For my daily writing challenge I've been using the prompts given at thinkwritten.com. The prompt for this day reads as follows:
34. Sounds: Sit outside for about an hour. Write down the sounds you hear.
It's the beginning of February. It's Newcastle. I'm rebelling today and refusing to sit outside for an hour holding a pen in hands that are getting far too cold to write anything. I had to write my name and email address on a form a few nights ago after standing outside for an hour. If anyone can read what I wrote it will be a great feat of understanding.
Today I am leaving the prompt behind. One of my recent posts was about things which make me happy flappy. While writing about the first of these I stumbled upon an idea and mentioned it in passing. Most ideas just die away. Some do not. A title came to me:
The Cafe of Stolen Dreams.
This is a possible beginning to that story. It's pretty freely written based on the first of some additional story fragments that have popped into my head without invitation. It's not fully free written - Google is my friend when it comes to London street names.
|Newcastle 29th January 2017|
Before the dreams Charlotte had it all. For thirty years she had been the golden girl. Brilliantine. Everything shone for her, seemingly without effort. She had been blessed with the best of families and a top class education which she sailed through almost indecently brilliantly, earning a first class honours degree at nineteen. Her instinctive social skills and rapport had allowed her to forge a life and career which was the envy of many. Quickly ascending the ranks of the financial dealers she was able to buy a central London penthouse suite aged only twenty-seven. She didn't want to settle down and get married but had enjoyed a string of boyfriends and girlfriends. Sometimes both at the same time.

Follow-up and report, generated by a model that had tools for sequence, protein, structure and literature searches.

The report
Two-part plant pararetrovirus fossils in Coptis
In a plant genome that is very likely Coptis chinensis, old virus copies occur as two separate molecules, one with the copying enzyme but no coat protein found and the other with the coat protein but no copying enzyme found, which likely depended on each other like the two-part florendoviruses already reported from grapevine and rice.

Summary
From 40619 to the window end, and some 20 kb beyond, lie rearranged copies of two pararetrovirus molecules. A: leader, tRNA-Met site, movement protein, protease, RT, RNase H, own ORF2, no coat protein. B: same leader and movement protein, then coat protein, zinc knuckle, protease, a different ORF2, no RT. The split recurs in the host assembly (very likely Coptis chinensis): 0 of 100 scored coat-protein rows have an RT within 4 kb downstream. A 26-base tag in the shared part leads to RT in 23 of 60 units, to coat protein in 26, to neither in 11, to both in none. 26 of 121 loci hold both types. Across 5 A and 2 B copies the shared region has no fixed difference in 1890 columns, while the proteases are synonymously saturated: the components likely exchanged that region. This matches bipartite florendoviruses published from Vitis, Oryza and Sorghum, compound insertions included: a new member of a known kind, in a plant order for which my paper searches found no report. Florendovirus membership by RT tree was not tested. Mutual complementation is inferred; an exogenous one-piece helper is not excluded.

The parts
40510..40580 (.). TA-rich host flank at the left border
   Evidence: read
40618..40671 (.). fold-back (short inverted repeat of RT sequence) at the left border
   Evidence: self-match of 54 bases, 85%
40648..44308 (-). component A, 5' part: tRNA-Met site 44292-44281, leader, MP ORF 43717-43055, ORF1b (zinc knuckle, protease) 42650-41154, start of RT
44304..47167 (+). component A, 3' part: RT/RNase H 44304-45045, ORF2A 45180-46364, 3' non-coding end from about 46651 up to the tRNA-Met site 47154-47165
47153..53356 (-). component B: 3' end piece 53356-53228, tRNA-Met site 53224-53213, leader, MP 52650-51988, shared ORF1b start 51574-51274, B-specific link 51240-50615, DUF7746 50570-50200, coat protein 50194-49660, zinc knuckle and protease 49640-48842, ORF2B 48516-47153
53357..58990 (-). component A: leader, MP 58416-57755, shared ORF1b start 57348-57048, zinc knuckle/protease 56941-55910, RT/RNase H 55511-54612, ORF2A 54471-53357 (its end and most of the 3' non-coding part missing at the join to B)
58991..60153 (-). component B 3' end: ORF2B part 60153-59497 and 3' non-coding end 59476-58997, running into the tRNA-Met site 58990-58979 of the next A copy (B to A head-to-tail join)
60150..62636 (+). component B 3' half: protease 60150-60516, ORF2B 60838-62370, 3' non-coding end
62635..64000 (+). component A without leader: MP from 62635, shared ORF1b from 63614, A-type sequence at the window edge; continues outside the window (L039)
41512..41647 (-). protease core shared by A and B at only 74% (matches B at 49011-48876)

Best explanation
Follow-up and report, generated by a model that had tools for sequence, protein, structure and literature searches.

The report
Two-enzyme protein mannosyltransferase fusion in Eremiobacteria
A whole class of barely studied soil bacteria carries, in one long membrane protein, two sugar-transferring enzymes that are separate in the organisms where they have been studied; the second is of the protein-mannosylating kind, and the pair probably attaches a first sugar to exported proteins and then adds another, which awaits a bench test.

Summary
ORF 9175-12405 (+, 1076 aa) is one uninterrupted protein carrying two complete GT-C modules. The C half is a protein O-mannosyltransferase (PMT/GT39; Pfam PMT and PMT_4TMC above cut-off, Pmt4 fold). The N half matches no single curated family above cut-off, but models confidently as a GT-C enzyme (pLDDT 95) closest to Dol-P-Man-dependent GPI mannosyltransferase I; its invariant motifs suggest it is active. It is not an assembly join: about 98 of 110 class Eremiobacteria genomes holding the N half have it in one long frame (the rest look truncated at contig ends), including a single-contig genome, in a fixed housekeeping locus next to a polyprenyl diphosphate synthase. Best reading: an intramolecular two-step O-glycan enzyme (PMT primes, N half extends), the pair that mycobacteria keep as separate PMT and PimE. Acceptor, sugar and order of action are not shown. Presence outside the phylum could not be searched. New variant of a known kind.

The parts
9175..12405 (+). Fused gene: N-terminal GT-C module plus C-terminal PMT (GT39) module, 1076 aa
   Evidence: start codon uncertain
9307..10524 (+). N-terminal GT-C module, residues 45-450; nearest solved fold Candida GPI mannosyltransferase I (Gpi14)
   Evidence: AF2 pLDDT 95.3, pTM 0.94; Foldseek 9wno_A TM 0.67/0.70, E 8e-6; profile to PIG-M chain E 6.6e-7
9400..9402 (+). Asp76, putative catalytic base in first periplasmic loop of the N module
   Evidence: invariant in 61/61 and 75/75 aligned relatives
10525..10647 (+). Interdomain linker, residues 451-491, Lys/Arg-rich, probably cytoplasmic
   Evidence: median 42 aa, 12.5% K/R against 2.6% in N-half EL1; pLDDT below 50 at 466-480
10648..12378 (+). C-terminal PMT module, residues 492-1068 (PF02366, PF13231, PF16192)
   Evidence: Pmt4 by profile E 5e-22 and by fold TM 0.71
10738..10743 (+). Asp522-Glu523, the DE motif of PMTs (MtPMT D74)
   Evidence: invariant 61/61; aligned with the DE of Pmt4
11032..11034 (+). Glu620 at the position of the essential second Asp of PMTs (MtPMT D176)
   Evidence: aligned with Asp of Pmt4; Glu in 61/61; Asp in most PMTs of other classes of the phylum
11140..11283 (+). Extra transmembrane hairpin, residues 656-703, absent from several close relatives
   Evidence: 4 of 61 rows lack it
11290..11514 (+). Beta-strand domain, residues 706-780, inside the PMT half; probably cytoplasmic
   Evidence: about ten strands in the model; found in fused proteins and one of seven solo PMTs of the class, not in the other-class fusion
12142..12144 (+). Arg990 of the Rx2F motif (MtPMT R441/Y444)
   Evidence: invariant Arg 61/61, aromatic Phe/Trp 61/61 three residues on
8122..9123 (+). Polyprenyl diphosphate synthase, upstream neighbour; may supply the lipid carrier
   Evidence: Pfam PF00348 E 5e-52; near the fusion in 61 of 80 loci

Life was pretty much as good as Charlotte had ever imagined it could be. Until the dreams.
For as long as she could remember she had been blessed with excellent sleep. She had never suffered a single night of insomnia. When Charlotte's head hit the pillow that was it. She would quickly drift away in tranquility, soothed by the shadows and the gentle hum of ambient noises. Every morning she would wake refreshed. Apart from that one time at university when she had agreed to try a psychedelic drug. Just to see. She had a bad reaction to it. A nightmarish trip that she didn't like to remember even ten years later. She told herself she would never try another drug. Ever.
When the first dream surfaced Charlotte was more curious about it than anything else. She couldn't ever remember dreaming before. She knew from science that everyone dreams but science didn't match up with the evidence of her silent nights. There was nothing. Ever. Not even a hint of missing a train, losing a tooth, or finding herself indulging in fantastic sex with someone she swore she didn't fancy. She couldn't recall fragments of faces, places, incoherent plots, bright lights or big dreamscapes. Her nights were marked out by a rich oblivion rather than rambling, sprawling narratives. That was the way she liked it. She preferred things the way she were and felt sorry for the dreamers when they talked about their dreams, good and bad supposedly but Charlotte reckoned they were all nonsense. She didn't say so of course. She knew better than to risk relationships over something so trivial as a nightmare.